Handouts: Prototyping for Tiny Fingers by Marc Rettig
Sep. 26 Discussion section: Working through examples of Fitts' Law, GOMS analysis (Slides)
Sep 27: Design Process: Implement -- Low Fidelity Prototyping (Slides)
Assignments due in class: Contextual Inquiry on project idea
Readings before class: Prototyping for Tiny Fingers by Marc Rettig; In Donald Norman's The Design of Everyday Things, Chapter 7
Handouts: Understanding your users by Kathy Baxter and Courage (Join CS160-fall07 Google Group to get access to this reading)
Assignments: Project Proposal due Oct 4th
Revisions to Remaining Schedule
| We’ve made some adjustments to the remaining schedule below from the plan in the original syllabus. In summary: |
Oct 2: Design Process: Evaluate -- Qualititative Methods (Slides)
Oct. 3 Discussion Section: Facebook platform API workshop
Oct 4: Design Process: Evaluate -- Quantitative Methods (Slides)
Oct. 10 Discussion Section: Statistical analysis
Oct 11: Midterm Review (Slides)
Oct. 17 Discussion Section: Interactive midterm review
Oct 18: Midterm in Soda 405 and Soda 320.
Oct 22: Assignment Due @5pm: initialize facebook application assignment
Oct 23: Visual Information Design : Theory (Slides)
Oct. 24 Discussion Section: Working together in groups
Oct 25: How to present information (Slides)
Oct. 31 Discussion Section: Quantatative Analysis Methods
Nov 1:Graphic Design & Aesthetics (Slides)
Nov 6: Facebook Causes Application
Nov 7 Discussion Section:
Project Checkpoint show and tell
Nov 8: Usability Study Design (Slides)
Nov 13: Interactive Prototype Demo and Poster Session, Wozniak Lounge
Nov 14 Discussion Section: Usability study workshop
Nov 15: Guest lecture: Real User Concerns, Andrea Knight, User Experience Research at Google
Nov 20: Presenting Your Work (John's slides and Christine's slides))
Nov 22: HOLIDAY, Thanksgiving No class
Nov 27: Guest lecture: Participatory Urbanism: Empowering Everyday Civic Engagement and Promoting Wonderment, Eric Paulos, Intel Research Berkeley (Slides)
Nov 29: Guest Lecture: Cool things engineers and designers should how about humans, Maria Stone, Visiting Professor at UC Berkeley (Slides)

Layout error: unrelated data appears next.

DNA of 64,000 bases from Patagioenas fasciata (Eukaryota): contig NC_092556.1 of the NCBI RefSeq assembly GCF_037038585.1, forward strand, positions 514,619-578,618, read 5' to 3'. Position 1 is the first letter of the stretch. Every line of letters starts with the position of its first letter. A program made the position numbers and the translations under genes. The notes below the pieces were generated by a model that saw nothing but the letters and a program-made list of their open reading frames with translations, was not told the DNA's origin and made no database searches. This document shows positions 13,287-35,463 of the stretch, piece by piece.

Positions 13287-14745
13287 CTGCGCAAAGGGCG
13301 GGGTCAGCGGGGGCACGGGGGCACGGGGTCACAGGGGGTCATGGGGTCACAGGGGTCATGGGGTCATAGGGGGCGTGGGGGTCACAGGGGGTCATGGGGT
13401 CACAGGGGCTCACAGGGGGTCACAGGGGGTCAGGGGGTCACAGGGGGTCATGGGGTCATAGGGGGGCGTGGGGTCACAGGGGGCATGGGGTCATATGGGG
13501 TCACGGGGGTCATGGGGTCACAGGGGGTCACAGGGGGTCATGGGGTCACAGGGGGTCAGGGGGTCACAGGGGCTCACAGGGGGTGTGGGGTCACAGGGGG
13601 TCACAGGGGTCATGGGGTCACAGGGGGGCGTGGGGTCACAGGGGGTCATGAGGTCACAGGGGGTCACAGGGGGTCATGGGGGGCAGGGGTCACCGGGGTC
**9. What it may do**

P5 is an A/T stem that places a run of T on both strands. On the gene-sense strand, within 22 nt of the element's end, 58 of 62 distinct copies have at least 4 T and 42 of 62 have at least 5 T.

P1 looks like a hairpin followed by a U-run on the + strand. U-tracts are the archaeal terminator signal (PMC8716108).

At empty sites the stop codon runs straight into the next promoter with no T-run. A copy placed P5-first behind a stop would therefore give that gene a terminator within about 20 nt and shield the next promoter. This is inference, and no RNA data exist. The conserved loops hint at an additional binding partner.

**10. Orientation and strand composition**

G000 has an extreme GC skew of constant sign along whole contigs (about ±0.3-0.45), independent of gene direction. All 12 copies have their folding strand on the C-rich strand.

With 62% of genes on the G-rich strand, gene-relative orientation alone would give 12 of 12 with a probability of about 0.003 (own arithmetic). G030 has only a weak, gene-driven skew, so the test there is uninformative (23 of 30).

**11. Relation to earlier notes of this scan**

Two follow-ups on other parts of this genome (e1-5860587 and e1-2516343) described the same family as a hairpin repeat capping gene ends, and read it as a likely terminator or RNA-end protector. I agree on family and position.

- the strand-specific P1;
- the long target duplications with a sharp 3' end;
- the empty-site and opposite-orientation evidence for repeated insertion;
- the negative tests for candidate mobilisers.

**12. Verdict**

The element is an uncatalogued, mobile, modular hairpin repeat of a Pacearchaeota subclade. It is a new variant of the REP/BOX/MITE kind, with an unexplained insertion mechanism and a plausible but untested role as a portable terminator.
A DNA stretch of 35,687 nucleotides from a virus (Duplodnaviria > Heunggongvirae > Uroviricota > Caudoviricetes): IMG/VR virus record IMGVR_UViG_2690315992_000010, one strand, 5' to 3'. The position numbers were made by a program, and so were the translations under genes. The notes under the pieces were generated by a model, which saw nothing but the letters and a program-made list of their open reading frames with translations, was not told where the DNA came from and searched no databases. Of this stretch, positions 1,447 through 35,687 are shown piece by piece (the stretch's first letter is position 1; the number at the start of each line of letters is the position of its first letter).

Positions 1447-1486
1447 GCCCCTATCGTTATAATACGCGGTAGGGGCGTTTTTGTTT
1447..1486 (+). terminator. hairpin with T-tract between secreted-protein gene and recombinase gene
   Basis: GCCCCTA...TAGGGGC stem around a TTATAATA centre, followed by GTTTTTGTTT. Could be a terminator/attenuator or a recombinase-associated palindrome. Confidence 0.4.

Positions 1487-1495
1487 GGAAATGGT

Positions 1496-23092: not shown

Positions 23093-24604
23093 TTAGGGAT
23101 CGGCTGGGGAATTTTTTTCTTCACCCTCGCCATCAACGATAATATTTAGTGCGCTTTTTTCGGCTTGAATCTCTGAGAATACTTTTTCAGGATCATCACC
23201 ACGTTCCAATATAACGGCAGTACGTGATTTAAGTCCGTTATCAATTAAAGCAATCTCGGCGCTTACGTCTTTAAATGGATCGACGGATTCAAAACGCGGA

Dec 4: Final Project Presentations
, Wozniak Lounge
Dec 6: Final Project Presentations
, Wozniak Lounge
Email (for all class related issues): cs160(at)imail.eecs.berkeley.edu
Textbook: We will be using Don Norman's The Design of Everyday Things as a textbook for this class. The textbook should be available at the campus bookstore as well as other general sources for books. There will be readings assigned for each lecture. The readings will be available online or handed out in class.
CS160 is an upper division course, and one of few where you will work extensively on one significant programming project. To participate fully in this course, you are required to have taken CS61B. We will assume that you are familiar with either Java or C++ and are comfortable coding a large-scale project.
You will be expected to actively participate in lectures, complete readings ahead of time, and, most importantly, participate fully in your group project. The teaching staff will promptly return graded homework to you, and will be available to provide feedback and help with problems.
Late Policy: Group assignments may not be turned in late. Individual assignments will lose 20% per 24 hours they are late.
Note: This is largely a design class. Unlike most other CS classes there is not always a single "correct" design soution. Usually there are many possible designs with different advantages and disadvantages. In this class you will learn to both design new interfaces and evalaute the pros and cons of the interfaces you design. As you complete the assignments for this class you should try to point out both the pros and the cons of the interfaces and applications you design.
Design is typically evaluated in a qualitative manner. As a result a significant portion of the grading in this class will be qualitative, including assessments of the end user experience of the system and the quality of your designs, evaluations, and prototypes.
This lectures, format and syllabus of this class are based on HCI classes taught by Maneesh Agrawal, Scott Klemmer, Jeff Pierce, and J.O. Wobbrock. These authors have kindly provided access to their lecture slides and our own slides borrow from their earlier work.